I’m currently involved in a variety of things so my days are pretty varied. I am consulting for a really exciting technology company called ATEEDA, helping develop marketing materials, manage sales campaigns and bringing together various different strands of technology development. Today I’m not at their office but I have been working on a presentation for their investors. I am also working on developing some of my own product ideas but I need some help with research so I had a telephone conference call with Interface, an organisation that helps companies access expertise in Universities. This afternoon I’ll be starting to write a patent application related to one of these products, but I also have to arrange meetings with some new contacts in the medical device sector I was referred to last week.
I have been helping a social media company with business development as they try to raise funds - if they get the funds I may go and work for them full-time. There are a few other companies I’ve been talking to about consultancy work which may start shortly, and through connections made on my Saltire Fellowship year I have been involved in some really interesting events like judging the Alba Innovation Prize business plan competition. I have also got involved with social enterprise charity Forth Sector as a Trustee and Director.
I have very little free time, but I love what I’m doing.
While I was working in consulting, various staffing issues within the company lead to me being asked to take the lead role in a strategic consulting project for a major European telecommunications company. This was new for me and I was really thrown in at the deep end. I found it extremely challenging and very difficult to measure progress and performance on the project compared with the more technically oriented project work I had lead before where the milestones were well defined. I was learning on the job, and I constantly felt one step behind.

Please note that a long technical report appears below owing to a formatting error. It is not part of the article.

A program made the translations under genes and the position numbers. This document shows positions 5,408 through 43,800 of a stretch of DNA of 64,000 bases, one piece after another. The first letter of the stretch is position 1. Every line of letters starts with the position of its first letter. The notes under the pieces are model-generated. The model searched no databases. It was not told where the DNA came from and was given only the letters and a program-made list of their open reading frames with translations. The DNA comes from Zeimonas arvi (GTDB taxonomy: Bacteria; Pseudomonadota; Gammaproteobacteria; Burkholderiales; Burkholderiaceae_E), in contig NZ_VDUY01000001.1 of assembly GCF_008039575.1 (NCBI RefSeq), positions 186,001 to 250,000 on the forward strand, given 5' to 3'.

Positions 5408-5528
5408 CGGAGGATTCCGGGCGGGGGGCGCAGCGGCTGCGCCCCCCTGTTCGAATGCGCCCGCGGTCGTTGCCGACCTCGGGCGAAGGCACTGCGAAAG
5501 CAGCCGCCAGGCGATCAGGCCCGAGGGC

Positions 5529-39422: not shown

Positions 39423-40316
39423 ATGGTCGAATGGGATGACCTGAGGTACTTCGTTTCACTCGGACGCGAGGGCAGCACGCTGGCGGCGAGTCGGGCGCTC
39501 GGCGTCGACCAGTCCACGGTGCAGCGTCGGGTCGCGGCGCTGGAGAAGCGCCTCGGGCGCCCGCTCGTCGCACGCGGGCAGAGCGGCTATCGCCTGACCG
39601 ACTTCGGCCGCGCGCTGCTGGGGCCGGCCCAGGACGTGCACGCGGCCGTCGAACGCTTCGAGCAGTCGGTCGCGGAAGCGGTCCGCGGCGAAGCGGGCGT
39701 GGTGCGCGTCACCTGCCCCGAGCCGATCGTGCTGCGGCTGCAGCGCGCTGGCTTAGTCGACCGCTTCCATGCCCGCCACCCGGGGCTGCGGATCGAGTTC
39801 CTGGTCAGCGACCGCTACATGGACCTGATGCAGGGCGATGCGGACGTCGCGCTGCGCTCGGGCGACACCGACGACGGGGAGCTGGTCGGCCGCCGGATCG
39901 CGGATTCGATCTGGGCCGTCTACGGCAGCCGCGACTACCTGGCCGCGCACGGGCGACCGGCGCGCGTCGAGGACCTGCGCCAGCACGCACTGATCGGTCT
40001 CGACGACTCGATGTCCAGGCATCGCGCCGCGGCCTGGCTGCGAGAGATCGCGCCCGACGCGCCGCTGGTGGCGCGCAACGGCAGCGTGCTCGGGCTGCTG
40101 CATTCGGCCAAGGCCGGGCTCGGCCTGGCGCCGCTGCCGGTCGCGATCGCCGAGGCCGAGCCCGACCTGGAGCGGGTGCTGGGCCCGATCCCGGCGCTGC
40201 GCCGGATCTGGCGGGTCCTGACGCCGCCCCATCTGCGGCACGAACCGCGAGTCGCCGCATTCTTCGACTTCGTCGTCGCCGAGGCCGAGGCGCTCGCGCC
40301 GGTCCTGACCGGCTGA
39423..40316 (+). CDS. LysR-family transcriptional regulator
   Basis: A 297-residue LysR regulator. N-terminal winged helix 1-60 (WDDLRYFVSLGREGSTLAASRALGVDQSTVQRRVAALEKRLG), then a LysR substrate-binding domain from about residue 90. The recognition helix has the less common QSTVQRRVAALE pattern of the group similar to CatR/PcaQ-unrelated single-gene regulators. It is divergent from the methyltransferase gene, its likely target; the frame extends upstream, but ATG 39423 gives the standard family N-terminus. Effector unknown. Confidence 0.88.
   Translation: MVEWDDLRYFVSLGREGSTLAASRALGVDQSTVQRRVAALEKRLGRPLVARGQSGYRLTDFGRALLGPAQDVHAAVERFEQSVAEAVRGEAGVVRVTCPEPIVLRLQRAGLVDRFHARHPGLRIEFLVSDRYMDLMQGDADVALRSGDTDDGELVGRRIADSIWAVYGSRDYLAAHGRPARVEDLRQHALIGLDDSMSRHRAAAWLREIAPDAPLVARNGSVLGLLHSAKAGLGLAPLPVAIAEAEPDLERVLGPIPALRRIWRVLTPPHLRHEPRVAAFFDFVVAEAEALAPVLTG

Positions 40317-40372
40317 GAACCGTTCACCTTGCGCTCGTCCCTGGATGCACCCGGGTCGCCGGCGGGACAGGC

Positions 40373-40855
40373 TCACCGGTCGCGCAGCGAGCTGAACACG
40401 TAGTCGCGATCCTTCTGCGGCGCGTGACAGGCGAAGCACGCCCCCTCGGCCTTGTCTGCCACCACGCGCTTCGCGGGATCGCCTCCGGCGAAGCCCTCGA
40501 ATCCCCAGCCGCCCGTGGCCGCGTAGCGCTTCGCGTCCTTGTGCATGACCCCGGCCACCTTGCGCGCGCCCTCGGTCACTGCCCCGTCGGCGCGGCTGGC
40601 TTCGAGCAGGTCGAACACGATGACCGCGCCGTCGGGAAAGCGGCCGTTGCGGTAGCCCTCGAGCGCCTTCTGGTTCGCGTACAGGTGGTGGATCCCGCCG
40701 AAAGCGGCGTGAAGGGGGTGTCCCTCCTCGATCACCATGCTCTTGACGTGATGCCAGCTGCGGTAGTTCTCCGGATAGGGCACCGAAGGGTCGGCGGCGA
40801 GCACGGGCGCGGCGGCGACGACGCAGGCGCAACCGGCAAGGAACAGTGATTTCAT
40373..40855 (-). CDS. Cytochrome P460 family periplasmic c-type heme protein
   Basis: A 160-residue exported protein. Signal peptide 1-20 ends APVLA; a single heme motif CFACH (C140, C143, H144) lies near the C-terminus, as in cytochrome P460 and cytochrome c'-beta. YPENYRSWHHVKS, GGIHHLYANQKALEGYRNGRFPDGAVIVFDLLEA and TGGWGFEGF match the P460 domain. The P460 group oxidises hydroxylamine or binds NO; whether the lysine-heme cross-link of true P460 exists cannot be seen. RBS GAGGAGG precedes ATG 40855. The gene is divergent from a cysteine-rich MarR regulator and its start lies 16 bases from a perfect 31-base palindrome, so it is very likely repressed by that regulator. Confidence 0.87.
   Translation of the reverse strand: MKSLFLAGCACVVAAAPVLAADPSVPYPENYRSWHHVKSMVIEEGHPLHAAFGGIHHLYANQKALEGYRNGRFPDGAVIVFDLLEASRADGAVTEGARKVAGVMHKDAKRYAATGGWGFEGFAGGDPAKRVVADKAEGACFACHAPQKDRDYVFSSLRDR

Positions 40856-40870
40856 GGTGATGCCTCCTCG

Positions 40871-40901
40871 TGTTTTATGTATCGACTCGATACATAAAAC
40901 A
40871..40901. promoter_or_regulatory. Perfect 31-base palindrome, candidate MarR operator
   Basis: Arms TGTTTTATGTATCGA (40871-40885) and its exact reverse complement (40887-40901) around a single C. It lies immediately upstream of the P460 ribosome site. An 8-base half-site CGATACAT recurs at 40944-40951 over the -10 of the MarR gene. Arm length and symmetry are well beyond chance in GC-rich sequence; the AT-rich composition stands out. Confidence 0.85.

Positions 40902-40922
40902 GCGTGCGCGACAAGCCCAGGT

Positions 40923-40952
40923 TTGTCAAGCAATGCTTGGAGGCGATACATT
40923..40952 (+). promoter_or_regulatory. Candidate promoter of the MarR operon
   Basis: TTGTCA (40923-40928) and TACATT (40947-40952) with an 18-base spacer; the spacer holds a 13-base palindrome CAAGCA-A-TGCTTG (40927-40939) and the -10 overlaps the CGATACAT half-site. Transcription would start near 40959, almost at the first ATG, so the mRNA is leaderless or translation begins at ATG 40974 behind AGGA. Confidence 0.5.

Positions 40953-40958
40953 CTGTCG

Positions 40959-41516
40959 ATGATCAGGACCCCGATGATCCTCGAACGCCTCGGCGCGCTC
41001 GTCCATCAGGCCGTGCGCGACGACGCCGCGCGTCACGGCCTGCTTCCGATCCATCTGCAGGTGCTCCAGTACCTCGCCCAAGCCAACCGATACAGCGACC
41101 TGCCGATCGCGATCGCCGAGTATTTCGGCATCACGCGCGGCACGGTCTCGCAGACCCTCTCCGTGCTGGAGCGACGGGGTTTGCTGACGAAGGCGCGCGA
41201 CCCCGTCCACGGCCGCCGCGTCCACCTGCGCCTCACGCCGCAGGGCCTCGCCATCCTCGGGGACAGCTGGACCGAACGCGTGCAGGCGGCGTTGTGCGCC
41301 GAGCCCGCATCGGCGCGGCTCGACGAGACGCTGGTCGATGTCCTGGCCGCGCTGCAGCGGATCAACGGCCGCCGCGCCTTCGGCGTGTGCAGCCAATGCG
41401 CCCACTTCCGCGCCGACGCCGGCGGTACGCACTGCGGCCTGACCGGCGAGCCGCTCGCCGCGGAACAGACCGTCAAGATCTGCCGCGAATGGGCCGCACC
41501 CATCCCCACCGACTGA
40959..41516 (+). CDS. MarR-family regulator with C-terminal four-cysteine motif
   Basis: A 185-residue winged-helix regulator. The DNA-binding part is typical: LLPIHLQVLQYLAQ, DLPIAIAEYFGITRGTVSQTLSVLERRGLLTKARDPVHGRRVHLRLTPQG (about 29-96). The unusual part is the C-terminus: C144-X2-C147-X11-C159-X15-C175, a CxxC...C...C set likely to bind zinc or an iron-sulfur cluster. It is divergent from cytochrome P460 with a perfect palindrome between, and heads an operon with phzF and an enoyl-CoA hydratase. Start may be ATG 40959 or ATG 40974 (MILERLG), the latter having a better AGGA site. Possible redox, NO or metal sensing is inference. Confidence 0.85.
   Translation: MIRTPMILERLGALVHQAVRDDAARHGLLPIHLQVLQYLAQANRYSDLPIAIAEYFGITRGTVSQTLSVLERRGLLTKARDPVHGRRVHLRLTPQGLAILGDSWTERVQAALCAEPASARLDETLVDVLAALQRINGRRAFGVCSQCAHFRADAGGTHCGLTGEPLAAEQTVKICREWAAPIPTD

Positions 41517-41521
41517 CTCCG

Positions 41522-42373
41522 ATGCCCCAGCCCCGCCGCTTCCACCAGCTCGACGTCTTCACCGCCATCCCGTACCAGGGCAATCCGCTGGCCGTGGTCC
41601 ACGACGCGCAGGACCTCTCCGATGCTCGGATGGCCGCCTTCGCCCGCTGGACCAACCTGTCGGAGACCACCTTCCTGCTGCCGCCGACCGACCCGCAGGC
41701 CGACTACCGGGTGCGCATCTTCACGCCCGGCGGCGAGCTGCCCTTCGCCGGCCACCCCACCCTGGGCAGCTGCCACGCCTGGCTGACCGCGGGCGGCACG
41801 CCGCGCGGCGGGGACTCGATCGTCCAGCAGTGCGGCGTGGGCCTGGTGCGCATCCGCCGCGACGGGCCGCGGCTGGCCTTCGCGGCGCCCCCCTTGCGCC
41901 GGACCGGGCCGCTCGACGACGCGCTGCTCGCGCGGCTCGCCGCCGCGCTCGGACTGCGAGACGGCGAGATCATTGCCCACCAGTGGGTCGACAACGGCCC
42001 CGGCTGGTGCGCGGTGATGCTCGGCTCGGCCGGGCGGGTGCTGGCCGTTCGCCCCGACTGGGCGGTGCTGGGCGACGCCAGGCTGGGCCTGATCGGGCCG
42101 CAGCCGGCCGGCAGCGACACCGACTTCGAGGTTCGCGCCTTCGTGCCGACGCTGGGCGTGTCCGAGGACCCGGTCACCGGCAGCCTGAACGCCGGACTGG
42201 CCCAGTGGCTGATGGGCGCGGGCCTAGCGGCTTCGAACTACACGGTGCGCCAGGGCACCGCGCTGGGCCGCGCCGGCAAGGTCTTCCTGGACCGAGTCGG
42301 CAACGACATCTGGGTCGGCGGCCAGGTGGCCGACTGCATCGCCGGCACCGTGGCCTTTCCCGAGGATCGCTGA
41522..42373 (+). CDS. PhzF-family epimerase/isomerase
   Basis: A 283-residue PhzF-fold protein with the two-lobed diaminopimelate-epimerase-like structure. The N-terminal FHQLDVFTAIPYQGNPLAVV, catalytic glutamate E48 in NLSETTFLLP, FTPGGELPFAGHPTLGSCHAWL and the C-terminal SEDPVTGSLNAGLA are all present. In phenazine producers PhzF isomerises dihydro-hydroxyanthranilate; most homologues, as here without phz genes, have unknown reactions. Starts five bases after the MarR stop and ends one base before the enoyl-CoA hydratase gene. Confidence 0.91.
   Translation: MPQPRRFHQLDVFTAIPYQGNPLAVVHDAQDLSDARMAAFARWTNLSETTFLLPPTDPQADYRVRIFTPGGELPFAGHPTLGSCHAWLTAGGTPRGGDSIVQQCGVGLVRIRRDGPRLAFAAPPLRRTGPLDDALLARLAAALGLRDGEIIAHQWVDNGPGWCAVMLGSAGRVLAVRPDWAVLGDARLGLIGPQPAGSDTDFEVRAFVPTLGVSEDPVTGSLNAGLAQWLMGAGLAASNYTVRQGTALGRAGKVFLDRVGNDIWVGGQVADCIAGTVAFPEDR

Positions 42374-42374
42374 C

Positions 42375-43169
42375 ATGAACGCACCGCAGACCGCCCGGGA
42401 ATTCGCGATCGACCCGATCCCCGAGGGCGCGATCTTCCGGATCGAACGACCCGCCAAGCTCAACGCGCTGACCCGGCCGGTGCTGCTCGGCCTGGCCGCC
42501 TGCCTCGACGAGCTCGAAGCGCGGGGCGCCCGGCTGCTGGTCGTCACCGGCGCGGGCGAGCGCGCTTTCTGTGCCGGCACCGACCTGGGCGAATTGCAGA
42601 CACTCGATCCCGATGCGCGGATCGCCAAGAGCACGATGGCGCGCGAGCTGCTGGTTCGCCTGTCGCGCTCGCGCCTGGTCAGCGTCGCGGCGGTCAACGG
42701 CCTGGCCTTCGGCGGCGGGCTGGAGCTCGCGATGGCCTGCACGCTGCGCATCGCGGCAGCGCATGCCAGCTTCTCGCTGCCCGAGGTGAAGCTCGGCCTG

The customer later came back to us to explore a second phase of work. By this time the staffing pressures had eased, so a more experienced consultant was appointed to lead the project. However, the customer refused to commission the work unless I continued to manage the project as they were delighted with the work we had done and the relationship we had established.
I don't know if that is my biggest achievement, but that meeting certainly gave me my biggest sense of achievement!
Never be afraid to try new things. Never be afraid to ask for help.
I really enjoyed my time at Edinburgh, but the day that really sticks in my memory is the day I graduated. I took my parents to the departmental receptions and showed them some of the places I had worked before going to graduation. It felt great to be able to share that with my parents, especially since they had been so fantastic in supporting me through the whole experience financially and otherwise.
Outside of my course, I volunteered in Teviot Row Union, and while it's almost impossible to pick out a single memory, I learned a lot from the experience and made friends that I still see today including my wife Ruth!
First published February 2010
This article was published on Apr 1, 2013